The glory days of Midwest radio prove the ideal subject for old radio-hand Keillor, now writing at the height of his awesome power, which could make a homesick cat laugh. Brothers Ray and Roy Soderbjerg set up station WLT (With Lettuce and Tomato) in Minneapolis in 1926 to draw crowds to their wilting sandwich restaurant. The station proves a gold mine after the two reluctantly agree to allow commercials, and the brothers turn their somewhat divided attention (Ray's chief vocation is sex, Roy's inventing the unnecessary) to the new medium. The novel takes off on a sustained joyride as a hilarious bunch of characters are hired to fill the air with the cornball, pseudo-pious, pseudo- populist fare that held the Midwest in thrall until television offered a superior snow job. Keillor continually contrasts the smutty, lust-filled lives of the cast and crew in the studio with the wholesome, homespun drivel they broadcast. On air, for example, Little Becky is a winsome angel, but look out—the chain-smoking child star will perform the crudest of practical jokes on the unwary. A blind sports announcer, a crushingly cheerful songstress confined to her wheelchair by polio and fat, and a dissolute group of gospel singers are just some of the superb oddities that people Keillor's pages. A straight man to these comic figures and the novel's hero is young Francis With, who comes of age at the station and goes on to great things. The comedy is as broad as it comes, but it also has a depth that includes poignancy, particularly as it records the station's downhill slide. Humor and insight into the heart of raunchy America don't get any better than this.
From Barnes & Noble
In this novel, a signed edition, Keillor explores the endearing idiosyncrasies of the folks at Minneapolis radio station WLT, examining the weird goings-on in snakebit Studio B and the off-beat programs that characterized the station. Slipcased. Limited Quantity |
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Product Details

  • ISBN-13: 9780140103809
  • Publisher: Penguin Group (USA) Incorporated
  • Publication date: 11/28/1992
  • Edition description: Reprint
  • Pages: 416
  • Product dimensions: 5.28 (w) x 7.88 (h) x 0.96 (d)

Meet the Author

Garrison Keillor

GARRISON KEILLOR is America’s favorite storyteller. For more than 35 years, as the host of A Prairie Home Companion, he has captivated millions of listeners with his weekly News from Lake Wobegon monologues. A Prairie Home Companion is heard on hundreds of public radio stations, as well as America One, the Armed Forces Networks, Sirius Satellite Radio, and via a live audio webcast.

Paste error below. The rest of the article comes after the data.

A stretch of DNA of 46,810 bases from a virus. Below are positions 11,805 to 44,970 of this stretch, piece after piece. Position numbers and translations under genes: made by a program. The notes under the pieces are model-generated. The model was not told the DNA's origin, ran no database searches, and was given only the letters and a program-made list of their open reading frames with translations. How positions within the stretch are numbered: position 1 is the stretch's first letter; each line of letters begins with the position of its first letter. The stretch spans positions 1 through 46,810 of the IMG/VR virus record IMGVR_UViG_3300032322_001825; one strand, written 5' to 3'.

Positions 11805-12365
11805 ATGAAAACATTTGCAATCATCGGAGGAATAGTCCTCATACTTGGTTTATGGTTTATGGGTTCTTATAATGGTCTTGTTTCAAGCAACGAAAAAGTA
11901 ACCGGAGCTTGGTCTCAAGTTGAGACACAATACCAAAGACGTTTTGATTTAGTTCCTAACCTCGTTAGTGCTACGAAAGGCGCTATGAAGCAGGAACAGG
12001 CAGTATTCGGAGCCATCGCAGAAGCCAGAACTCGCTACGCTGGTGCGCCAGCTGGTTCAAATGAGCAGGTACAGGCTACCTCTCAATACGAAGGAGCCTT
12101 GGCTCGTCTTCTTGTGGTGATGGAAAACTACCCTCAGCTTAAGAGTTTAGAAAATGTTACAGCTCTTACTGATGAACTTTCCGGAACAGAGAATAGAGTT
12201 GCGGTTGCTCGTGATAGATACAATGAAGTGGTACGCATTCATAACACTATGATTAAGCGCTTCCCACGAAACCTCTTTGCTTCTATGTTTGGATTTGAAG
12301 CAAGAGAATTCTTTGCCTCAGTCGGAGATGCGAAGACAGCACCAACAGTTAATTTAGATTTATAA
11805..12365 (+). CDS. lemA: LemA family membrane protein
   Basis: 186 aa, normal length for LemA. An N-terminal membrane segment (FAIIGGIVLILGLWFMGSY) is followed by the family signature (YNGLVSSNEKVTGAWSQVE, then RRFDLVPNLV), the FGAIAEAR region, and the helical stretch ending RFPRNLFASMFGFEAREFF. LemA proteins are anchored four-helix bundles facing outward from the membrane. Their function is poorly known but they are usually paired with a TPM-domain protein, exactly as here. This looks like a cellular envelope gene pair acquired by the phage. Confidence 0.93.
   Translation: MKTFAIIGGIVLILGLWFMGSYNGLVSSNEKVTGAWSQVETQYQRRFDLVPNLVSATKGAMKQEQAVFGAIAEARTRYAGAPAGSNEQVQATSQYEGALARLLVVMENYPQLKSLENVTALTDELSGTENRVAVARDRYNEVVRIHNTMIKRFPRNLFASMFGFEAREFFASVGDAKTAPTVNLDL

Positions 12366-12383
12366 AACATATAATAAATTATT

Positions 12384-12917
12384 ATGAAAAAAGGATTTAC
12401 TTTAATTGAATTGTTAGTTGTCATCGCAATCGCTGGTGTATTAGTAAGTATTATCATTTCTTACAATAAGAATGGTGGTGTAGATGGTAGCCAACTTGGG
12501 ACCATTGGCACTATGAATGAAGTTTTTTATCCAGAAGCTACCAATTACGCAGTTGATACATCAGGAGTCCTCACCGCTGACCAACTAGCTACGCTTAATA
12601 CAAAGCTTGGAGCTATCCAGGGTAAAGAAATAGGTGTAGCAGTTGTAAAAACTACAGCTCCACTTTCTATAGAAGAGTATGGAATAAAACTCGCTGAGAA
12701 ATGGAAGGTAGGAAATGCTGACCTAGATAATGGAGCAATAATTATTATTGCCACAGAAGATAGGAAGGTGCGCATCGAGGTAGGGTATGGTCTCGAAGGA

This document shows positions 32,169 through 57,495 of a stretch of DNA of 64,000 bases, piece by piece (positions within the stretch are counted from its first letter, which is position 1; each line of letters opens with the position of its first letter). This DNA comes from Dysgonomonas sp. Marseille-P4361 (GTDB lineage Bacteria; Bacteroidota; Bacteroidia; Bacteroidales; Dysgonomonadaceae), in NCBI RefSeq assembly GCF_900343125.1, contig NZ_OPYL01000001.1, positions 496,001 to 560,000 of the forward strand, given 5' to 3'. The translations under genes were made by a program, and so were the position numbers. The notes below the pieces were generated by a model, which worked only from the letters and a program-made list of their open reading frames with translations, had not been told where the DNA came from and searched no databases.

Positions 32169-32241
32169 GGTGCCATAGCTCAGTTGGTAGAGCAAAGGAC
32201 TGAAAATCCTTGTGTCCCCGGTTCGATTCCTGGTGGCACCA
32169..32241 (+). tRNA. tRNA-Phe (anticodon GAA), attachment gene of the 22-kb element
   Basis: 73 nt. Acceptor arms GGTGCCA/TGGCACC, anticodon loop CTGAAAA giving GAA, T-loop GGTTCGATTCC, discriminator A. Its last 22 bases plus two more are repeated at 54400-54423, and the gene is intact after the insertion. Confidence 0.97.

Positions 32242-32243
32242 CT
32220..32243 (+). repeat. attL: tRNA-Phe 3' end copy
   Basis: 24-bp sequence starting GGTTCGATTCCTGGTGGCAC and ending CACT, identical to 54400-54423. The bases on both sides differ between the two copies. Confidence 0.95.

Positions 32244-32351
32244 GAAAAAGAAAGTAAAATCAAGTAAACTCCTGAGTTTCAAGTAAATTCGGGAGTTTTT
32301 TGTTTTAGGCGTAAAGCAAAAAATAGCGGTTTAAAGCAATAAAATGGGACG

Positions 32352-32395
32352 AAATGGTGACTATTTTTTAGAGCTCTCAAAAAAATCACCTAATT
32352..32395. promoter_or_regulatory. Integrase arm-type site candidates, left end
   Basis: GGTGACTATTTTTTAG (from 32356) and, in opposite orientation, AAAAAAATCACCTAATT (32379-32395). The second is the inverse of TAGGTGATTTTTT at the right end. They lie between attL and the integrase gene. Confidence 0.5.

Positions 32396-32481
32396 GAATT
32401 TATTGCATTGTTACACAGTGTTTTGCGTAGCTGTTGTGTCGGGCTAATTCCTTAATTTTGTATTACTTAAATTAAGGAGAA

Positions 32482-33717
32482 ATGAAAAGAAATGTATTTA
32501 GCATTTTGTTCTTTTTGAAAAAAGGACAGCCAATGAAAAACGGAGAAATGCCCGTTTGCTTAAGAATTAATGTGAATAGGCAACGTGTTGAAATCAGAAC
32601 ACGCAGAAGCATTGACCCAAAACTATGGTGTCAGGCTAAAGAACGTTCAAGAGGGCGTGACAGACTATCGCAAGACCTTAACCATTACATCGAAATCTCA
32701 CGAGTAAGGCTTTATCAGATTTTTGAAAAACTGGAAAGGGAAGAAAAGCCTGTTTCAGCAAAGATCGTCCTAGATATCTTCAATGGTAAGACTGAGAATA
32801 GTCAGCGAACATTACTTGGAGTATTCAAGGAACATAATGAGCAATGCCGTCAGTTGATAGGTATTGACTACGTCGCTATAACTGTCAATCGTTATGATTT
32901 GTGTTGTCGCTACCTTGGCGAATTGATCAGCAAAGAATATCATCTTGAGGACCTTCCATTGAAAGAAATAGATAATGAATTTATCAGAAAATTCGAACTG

Keillor is also the author of several books and a frequent contributor to national publications including Time, The New Yorker, and National Geographic, in addition to writing his own syndicated column. He has been awarded a National Humanities Medal from the National Endowment of the Humanities. When not touring, he resides in St. Paul, Minnesota.

Biography

Garrison Keillor is the author of thirteen books, including Lake Wobegon Summer 1956, Wobegon Boy, and Lake Wobegon Days. From 1999-2001, Keillor wrote a column "Dear Mr. Blue: Advice for Lovers and Writers" on Salon.com. Keillor's popular Saturday-night public radio show, A Prairie Home Companion, is in its twenty-seventh season. He lives in St. Paul with his wife and daughter.

Author biography courtesy of Penguin Group (USA).

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    1. Also Known As:
      Gary Edward Keillor (real name)
      Garrison Keillor
    2. Hometown:
      St. Paul, Minnesota
    1. Date of Birth:
      August 7, 1942
    2. Place of Birth:
      Anoka, Minnesota
    1. Education:
      B.A., University of Minnesota, 1966

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  • Anonymous

    Posted August 16, 2008

    Mike an avid reader and book collector

    I've never read anything by this author and don't know why I read this, but I'm glad I did. This is laugh-out-loud funny! A warm and charming book with great characters you love, even the bad ones. A great book!